- shielding radiation: it is very important for long term survival of humans on any planet or in space to properly shield against radiation
- a thick atmosphere preferably with oxygen
- a magnetic field (artificial or by-iron-planet-core)
- to long-term colonize Mars an artificial magnetic field generator would need to be placed at an Lagrange point
- actually there are other approaches and hope they will become more practical over time and hope that the combination of space agencies and governments come together and are willing to build it…
new approach: Did you know that it “only” takes a 3400km cable around Mars to establish a artificial protective magnetic field around Mars, that would make Mars’ atmosphere thicken over time, without it, every new CO2 molecule would be blasted away by solar winds (and lost).
Actually in the game “Space Engineers” some players actually prefer to settle in space and mine asteroids…
Some even claim that Asteroid mining will produce the first Trillionare… (Wiki: Asteroid Mining)
“Luxembourg is investing $27.6 million (25 million euros) in privately owned Planetary Resources, an asteroid mining startup also backed by Google co-founder Larry Page, the company said on Tuesday.” (src: Reuters)
“This list nicely confirms my idea. Do what peoples say – colonize the space… The Space. Not a planet. Work more on developing easy to build and maintain centrifugal space stations and ships. Much more manageable. Can adjust the environment perfectly. Can live almost anywhere in space, as long as it is not too close to Jupiter, Sun etc. And can live in the orbits of any potential planets for future colonization and work on terraforming before landing on them.” (src: Comment section of https://www.youtube.com/watch?v=CIf6VJH4dZk)
First of: ColonizationTech-TestLab: the Moon
imho the Moon (because it is so close) could be a good starting point to test colonization-technologies, basically like a lab to test out:
- how to produce breathable oxygen and drinkable water from soil or atmosphere (ok moon has none)
- solar energy is plentiful available
… yes of course one could also simply use the Atacama (or any other) desert on Earth.
possible other candidates:
that Jupiter has 53 named moons and another 26 awaiting official names. Combined, scientists now think Jupiter has 79 (!) moons.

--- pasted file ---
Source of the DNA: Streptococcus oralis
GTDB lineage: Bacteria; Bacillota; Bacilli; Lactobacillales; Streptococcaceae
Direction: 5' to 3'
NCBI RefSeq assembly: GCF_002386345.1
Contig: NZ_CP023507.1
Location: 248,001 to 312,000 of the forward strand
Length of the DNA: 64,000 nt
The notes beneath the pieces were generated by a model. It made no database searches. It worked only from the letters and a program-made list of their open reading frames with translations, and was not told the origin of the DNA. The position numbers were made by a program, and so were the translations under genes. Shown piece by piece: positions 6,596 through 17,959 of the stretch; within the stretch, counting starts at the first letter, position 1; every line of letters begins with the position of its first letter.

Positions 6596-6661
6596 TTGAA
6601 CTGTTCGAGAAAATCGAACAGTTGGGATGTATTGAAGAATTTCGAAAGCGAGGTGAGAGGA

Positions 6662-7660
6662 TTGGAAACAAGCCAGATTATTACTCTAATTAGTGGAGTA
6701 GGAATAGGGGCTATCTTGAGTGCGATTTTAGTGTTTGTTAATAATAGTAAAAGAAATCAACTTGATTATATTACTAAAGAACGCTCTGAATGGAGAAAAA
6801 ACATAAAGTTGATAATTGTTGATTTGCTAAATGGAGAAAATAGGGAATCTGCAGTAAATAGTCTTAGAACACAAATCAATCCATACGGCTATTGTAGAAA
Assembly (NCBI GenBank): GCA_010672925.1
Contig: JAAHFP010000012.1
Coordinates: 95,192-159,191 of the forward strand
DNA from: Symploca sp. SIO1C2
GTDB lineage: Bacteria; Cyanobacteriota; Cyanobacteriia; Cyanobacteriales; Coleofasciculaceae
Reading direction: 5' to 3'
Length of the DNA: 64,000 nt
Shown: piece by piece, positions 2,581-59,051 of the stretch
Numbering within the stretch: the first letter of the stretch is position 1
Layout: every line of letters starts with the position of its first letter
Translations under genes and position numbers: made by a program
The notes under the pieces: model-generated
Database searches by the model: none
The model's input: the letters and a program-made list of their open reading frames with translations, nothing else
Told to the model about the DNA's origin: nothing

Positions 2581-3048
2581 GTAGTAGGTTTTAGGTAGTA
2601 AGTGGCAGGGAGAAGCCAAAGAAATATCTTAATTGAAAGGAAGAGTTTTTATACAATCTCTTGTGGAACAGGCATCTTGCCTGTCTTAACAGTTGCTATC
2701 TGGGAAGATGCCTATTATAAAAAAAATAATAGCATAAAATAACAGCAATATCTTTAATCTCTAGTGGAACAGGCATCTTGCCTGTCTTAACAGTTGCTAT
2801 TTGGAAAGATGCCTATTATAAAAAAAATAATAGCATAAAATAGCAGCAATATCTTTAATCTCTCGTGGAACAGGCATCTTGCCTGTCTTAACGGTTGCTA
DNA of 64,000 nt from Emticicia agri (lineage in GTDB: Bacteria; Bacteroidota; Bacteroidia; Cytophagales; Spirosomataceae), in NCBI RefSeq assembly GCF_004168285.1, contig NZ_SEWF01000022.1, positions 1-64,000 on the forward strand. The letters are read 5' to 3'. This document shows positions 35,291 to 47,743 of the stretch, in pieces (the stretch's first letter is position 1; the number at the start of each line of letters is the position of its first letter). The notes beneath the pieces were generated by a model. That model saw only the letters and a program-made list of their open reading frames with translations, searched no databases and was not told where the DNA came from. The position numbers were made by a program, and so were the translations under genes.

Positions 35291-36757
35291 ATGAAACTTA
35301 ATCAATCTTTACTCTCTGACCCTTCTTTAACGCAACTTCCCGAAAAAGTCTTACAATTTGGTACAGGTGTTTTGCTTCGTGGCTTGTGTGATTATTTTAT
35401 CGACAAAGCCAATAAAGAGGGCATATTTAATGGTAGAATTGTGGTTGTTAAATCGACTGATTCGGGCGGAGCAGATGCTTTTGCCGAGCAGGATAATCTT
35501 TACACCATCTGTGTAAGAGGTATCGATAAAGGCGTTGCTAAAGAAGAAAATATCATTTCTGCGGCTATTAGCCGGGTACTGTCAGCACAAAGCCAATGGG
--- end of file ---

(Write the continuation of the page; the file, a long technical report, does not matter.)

There are many interesting moons orbiting the planet, but the ones of most scientific interest are the first four moons discovered beyond Earth—the Galilean satellites. More › (src: NASA) (still a lot of mysteries to be discovered)
a little show stopper: Jupiter has a massive magnetic field, which should be a good thing right?
this guy says it is bad: (not an expert on the topic can’t confirm)
Should we go to Titan instead of Mars?
Man likes to colonize – ask the British – they know best – but also the Spanish, the French, the Americans and even the Germans know – so where should we colonize next? Pro: this time – no native species is expected to claim the land and conflict with the “the pioneers” “the newcomers” “the settlers”.
According to this documentary – Titan looks like a fuel station (has a lot of natural Gas (Methane, CH4) in liquid and solid (frozen) form)
So the challenge is: where to get the oxygen from?
Thin Atmosphere allows Radiation to enter: a solvable problem?
It could be possible that Astronauts and Cosmonauts “dig themselves in” on the Mars surface and/or have water tanks surrounding and shielding them from radiation while growing plants…
“Moon and Mars look like comparatively reasonable destinations, they also have a deal-breaking problem: Neither is protected by a magnetosphere or atmosphere.
Galactic Cosmic Rays, the energetic particles from distant supernovae, bombard the surfaces of the Moon and Mars, and people can’t live long-term under the assault of GCRs.” (src: getpocket.com)
Pictures of Titan:
my question also would be: is there still enough water on Mars to terraform into oceans and lakes?
“Solar wind and radiation is responsible for the disappearance of the Martian atmosphere and the transformation of Mars from a planet that could support life billions of years ago, in a cold desolate world. This was confirmed by the new results of the mission NASA’s “MAVEN” led by the University of Colorado at boulder (USA).” (auto translated from: in-space.ru)
“the erosion of Mars’ atmosphere increases significantly during solar storms” (John Grunsfeld, astronaut and awssociate administrator for the NASA Science Mission Directorate in Washington, src: https://mars.nasa.gov)